So the Hindu wedding this past weekend. OMG. So so awesome. I was holding off on my blog post because I was hoping to get some video up, but my play by play will have to do for now because figuring out technology just kills me. So here is an education on Indian weddings, if you will.
J & I left NH Sat at 6am to drive down to NJ. 5 hours and 30 minutes later, we were there. Had a short rendezvous with family (but I will post that some other time), then the ceremonies started at 2ish. I did not mistype ceremonieS. Hindu wedding ceremonies normally extend for several days, but this took place during one day only.
It started with Mr. Clean (the groom & J’s friend) clad in a sherwani (long jacket), churidars (fitted trousers) and a sehra (turban) getting on a horse to meet the bride’s family. Since we were not used to seeing him in such outfits, we had to chuckle and call him Aladdin. I know, so immature and disrespectful, but you have to know this group of friends to know it was inevitable.
I heard he was supposed to come in on an elephant, but the big white decorated horse was still fine. He mounted and we all bollywooded our way to the bride’s family. No, really, we bollywooded, I swear. The bride’s family poked and proded Mr. Clean to see if he was fit for their daughter. Apparently he was because we moved on to the next step.
The rest of the Hindu ceremonies were extremely fascinating and confusing at the same time. A lot of oooommms and words we did not understand. A lot of “now place your hand at a 45 degree angle on the bride’s elbow.” Something about an auspicious day. Seven steps. Tying of the hands. Applying paste to a forehead. Circling the fire a number of times. Pouring water on each other. Practically every unique thing you can think of happened during this time. I’m happy to have witnessed it all, even though I am still perplexed by it.
During the course of the ceremonies, the bride changed 3 times. She started in a beautiful red and gold sari draped over her head, then a white wedding gown and then back into the red and gold sari (it might have been a different sari than the first actually). Side note, the bride’s family went to India to pick out the traditional colorful outfits for the entire wedding party.At the reception, I continued to see things I’ve never seen or heard of. The sister of the bride and her husband did a dance performance for the bride and groom (QuickQuestion & Yankee, you owe us one). The mother sang a song to her daughter. There were a lot of performances. Not as many bollywood performances as I would have liked, but they had a pre-wedding celebration full of this dancing on Thursday and unfortunately, we missed it. The reception also involved a lot of speeches from family members and friends. 90 minutes of speeches to be exact. We were fully expecting that every single person was going to end up standing and giving a speech.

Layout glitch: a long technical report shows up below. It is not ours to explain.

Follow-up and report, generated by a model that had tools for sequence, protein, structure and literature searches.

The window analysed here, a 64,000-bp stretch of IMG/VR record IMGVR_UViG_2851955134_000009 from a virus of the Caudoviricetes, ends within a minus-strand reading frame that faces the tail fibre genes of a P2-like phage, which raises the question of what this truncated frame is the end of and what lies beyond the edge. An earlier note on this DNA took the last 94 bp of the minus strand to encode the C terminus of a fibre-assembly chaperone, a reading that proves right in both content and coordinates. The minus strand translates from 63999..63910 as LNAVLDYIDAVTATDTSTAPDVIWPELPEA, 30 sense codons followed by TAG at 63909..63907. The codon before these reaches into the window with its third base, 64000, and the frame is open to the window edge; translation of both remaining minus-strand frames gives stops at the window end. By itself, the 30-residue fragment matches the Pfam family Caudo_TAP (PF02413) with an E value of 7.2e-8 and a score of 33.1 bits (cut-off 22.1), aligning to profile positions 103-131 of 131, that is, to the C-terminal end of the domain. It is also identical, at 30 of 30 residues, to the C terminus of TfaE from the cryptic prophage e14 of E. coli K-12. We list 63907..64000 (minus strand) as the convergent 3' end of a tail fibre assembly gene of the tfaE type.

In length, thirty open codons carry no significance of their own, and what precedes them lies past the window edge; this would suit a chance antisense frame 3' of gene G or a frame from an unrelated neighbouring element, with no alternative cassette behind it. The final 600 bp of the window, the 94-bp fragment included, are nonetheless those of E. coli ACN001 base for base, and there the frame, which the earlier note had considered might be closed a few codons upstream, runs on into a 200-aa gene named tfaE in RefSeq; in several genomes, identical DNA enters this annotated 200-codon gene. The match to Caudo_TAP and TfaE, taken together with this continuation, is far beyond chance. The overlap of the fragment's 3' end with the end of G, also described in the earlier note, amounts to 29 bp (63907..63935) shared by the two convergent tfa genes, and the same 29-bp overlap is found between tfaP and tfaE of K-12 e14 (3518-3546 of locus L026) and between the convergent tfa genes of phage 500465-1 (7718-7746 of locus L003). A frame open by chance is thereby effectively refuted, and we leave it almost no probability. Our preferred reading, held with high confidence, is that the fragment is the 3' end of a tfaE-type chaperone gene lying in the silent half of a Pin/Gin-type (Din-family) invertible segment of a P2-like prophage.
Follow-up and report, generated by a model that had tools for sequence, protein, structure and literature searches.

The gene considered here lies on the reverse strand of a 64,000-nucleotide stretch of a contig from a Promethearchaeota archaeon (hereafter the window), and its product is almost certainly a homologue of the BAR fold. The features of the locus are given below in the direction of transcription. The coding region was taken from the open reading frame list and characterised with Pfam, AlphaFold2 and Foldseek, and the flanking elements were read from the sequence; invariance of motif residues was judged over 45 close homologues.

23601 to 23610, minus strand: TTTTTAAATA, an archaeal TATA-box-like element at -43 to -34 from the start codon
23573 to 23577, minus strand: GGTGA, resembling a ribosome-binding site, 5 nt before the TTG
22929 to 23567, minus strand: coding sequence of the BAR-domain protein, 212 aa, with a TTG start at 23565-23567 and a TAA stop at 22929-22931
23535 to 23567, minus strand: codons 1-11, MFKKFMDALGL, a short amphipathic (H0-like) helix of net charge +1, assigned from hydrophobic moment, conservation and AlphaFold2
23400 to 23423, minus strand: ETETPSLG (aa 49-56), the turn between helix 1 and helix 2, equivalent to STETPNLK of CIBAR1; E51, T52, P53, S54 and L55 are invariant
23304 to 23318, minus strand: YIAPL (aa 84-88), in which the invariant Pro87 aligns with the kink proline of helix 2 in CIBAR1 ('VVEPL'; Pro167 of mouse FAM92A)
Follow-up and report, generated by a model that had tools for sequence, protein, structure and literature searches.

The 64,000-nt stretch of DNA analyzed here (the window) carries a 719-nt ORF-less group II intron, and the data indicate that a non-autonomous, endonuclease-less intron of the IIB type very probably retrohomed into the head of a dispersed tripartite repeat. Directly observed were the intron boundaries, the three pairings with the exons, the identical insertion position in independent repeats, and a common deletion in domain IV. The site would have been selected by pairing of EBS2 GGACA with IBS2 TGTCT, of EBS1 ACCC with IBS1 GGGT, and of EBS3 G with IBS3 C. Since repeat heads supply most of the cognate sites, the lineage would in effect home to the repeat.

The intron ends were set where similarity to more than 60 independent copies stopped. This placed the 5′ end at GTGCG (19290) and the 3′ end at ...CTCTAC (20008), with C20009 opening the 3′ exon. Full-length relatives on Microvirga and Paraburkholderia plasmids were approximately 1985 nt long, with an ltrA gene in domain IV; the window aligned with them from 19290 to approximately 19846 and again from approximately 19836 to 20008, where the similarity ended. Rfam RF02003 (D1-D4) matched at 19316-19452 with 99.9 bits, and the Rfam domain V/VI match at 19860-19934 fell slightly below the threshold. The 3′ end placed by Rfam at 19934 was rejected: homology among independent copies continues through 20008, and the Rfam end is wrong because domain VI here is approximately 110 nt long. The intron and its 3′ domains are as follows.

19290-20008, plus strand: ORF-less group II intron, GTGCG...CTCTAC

The food was all Indian, of course, and family style at the table. I do like Indian food, thankfully, but there were definitely some items I never want to try again. None of us really knew what we were eating and acknowledged the fact we’d be drinking a whole bottle of Pepto later, so most of the conversation went like this: “Can you pass the stuff that looks like refried beans?” At least there was naan. Who doesn’t like naan bread? That was the fail safe.
Then there were 8 dessert tables. You know my love for desserts. Except for the desserts were mostly Indian. I would have been in heaven if there were 8 tables of chocolate varieties, but they were 8 tables of curry, coconut and cream.
The whole thing was so memorable. There were over 400 people there, so I actually never got to meet the bride. J either. I can only interpret all the parts of the lavish ceremonies and reception, the performances and the speeches as an incredible showing of support for the bride and groom and awesome tradition that is clear in the Hindu culture. It actually puts our “American” wedding celebrations to shame. I am glad to have checked this off my bucket list and of course it was great that we were there with so many good friends.
Are all hindu weddings so lavish? It sounds like a major event what with the pre-wedding celebrations and performances. It must have been great to experience a different way of celebrating a marriage. Sounds like everyone wanted to congratulate them too… a lot different from just our father of the bride speeches, groom speeches and best man ones.